Last post I pointed out the stakes to individual North Korean decision-makers.
That perspective implies North Korean decision-makers are part of a larger system they have little control over and have little choice not to follow their roles within it without grave risk to themselves and everything they care about.
With so little choice, what do they want? What do they pursue?
Of course they want material prosperity and security, like anybody else. Kim Jung Il famously buys hundreds of thousands of dollars worth of cognac annually. As individuals, they probably want to rise through the ranks, but probably in a limited way. Those desires we all anticipate.
North Korea reminded me a lot of Nineteen Eighty-four, but I think the underlying systems differed. In Nineteen-Eighty-four power was the only goal of the system. As Ingsoc Inner Party member O’Brien states,
The Party seeks power entirely for its own sake. We are not interested in the good of others; we are interested solely in power. Not wealth or luxury or long life or happiness: only power, pure power. What pure power means you will understand presently. We are different from all the oligarchies of the past, in that we know what we are doing. All the others, even those who resembled ourselves, were cowards and hypocrites.
We know that no one ever seizes power with the intention of relinquishing it. Power is not a means; it is an end. One does not establish a dictatorship in order to safeguard a revolution; one makes the revolution in order to establish the dictatorship. The object of persecution is persecution. The object of torture is torture. The object of power is power.
I think neither decision-makers nor the system in North Korea wants more power like that.
They have limited material resources to distribute. Power — the ability to influence others — may get you a larger slice of the pie, but North Korea can’t increase the size of its pie without opening up, which it can’t, for reasons I’ve described, and individuals squabbling over crumbs undermines the system that protects them.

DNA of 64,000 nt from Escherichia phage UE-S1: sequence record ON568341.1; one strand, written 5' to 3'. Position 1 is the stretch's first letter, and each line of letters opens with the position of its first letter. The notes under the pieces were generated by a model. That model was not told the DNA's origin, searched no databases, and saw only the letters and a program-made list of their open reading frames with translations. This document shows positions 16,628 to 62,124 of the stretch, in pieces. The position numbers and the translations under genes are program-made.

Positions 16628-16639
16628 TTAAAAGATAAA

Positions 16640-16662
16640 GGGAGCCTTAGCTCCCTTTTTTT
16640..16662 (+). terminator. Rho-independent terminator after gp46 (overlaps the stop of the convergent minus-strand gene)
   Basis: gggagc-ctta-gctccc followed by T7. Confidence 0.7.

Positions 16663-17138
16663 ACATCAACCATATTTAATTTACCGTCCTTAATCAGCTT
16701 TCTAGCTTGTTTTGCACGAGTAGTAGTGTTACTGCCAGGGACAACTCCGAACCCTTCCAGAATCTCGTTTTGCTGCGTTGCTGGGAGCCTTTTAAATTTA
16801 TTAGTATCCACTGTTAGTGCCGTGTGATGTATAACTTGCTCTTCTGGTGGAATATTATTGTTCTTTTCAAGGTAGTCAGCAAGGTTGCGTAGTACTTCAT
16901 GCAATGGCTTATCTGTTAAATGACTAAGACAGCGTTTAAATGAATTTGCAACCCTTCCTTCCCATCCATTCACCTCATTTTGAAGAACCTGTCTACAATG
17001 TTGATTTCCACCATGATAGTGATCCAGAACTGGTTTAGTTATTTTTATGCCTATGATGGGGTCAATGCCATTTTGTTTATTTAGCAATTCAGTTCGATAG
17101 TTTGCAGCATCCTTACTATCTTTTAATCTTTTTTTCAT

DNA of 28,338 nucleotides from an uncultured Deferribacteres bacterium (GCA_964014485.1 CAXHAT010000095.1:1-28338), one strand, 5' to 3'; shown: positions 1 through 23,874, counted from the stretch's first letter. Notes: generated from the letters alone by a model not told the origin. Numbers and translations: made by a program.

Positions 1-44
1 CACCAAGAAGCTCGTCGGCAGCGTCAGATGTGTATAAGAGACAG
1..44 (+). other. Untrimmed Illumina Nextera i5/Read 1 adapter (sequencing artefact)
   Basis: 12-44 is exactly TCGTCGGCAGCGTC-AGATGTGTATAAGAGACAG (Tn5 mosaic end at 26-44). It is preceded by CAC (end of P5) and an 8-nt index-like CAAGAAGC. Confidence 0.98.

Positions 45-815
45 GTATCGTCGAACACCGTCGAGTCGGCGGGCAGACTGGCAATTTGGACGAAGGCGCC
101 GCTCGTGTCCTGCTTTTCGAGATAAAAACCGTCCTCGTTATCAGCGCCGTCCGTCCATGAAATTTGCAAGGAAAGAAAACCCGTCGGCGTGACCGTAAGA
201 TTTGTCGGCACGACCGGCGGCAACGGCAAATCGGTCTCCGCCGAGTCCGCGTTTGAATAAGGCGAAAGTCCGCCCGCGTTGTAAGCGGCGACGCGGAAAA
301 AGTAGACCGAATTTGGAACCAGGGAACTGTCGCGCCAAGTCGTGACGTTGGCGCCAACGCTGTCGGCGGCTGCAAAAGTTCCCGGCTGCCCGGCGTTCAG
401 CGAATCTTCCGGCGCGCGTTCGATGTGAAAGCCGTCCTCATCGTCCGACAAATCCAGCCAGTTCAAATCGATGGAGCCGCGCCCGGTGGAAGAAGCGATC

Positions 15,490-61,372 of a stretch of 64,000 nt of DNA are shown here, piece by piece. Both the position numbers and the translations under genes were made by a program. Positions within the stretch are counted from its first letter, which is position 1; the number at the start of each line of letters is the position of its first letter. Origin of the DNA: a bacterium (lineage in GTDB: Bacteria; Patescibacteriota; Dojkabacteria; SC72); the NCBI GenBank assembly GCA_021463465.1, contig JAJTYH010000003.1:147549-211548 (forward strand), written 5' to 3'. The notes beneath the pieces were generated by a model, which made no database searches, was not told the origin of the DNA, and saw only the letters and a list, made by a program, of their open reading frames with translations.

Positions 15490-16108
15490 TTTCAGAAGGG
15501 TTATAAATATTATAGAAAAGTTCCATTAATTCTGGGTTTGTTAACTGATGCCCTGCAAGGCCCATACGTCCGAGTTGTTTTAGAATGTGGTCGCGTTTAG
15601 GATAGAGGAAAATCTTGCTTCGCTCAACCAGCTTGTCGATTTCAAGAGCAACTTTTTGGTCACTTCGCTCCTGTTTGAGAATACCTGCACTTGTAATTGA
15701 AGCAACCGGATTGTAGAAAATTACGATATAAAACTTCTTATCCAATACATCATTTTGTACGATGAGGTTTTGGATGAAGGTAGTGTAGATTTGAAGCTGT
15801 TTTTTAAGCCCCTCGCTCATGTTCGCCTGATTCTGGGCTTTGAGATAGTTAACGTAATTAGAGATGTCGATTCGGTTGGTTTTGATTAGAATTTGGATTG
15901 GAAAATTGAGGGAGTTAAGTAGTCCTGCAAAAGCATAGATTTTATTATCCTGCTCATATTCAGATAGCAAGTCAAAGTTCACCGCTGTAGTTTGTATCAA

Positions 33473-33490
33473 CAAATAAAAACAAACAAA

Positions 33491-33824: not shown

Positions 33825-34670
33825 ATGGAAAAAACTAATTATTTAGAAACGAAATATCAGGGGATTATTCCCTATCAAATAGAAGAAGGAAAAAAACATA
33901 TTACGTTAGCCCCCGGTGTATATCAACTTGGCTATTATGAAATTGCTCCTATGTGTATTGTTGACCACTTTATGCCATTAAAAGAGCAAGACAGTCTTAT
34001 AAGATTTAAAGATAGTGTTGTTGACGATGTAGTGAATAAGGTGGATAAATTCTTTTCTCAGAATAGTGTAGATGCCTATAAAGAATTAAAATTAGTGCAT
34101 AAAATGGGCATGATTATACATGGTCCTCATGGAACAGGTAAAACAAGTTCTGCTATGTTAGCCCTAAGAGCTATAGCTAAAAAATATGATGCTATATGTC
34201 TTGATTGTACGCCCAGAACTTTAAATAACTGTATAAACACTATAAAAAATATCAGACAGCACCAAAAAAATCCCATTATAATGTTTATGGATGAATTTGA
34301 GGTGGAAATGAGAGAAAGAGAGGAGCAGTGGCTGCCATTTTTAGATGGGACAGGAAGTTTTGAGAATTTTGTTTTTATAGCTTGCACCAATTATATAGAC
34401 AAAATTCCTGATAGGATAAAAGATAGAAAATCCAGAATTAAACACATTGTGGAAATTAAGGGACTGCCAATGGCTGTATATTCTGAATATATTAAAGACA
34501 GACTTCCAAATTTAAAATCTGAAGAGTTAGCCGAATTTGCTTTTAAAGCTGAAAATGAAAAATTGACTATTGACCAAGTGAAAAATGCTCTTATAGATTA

As far as can tell, North Korean decision-makers want two things more than anything else:
When I say they want these things I mean they benefit from them, suffer from their loss, act to maintain them, and will suffer losing nearly everything else to maintain them.
By stability I mean they want to maintain foreign relations and the domestic hierarchy as they are. By loyalty I mean they want citizens to value the system above all else, or at least to behave consistently with it. Mostly these wants restate the strategy of maintaining geographical dominance and customer captivity — that is, stability and loyalty.
No other players in North Korean strategy have this combination of decision-making capability, single-minded focus, and ability to maintain it. Recall, the key players are the the people of North Korea and the governments of North Korea, South Korea, China, Russia, Japan, and the United States.
The leaders of South Korea, China, Russia, Japan, and the United States have innumerable other interests based on innumerable relationships with foreign nations and internal groups that dominate their time and attention. As long as North Korea doesn’t destabilize the situation, the country remains a thorn in their sides not as important as other interests. Their best option is not to rock the boat.
The North Korean people have no ability to change the system, nor do they know it could be improved.
North Korean leaders have a single-minded focus, little internal dissent, and ability to act on maintaining things. No one else does, so no matter how small their country and how limited their resources, they call the shots in their strategic relations and those shots are dictated by their situation.
EDIT: I included much of this post and this series on strategy (edited and polished) in my ebook, Understanding North Korea: Demystifying the World’s Most Misunderstood Country. I wrote the book to help increase understanding, communication, and freedom.
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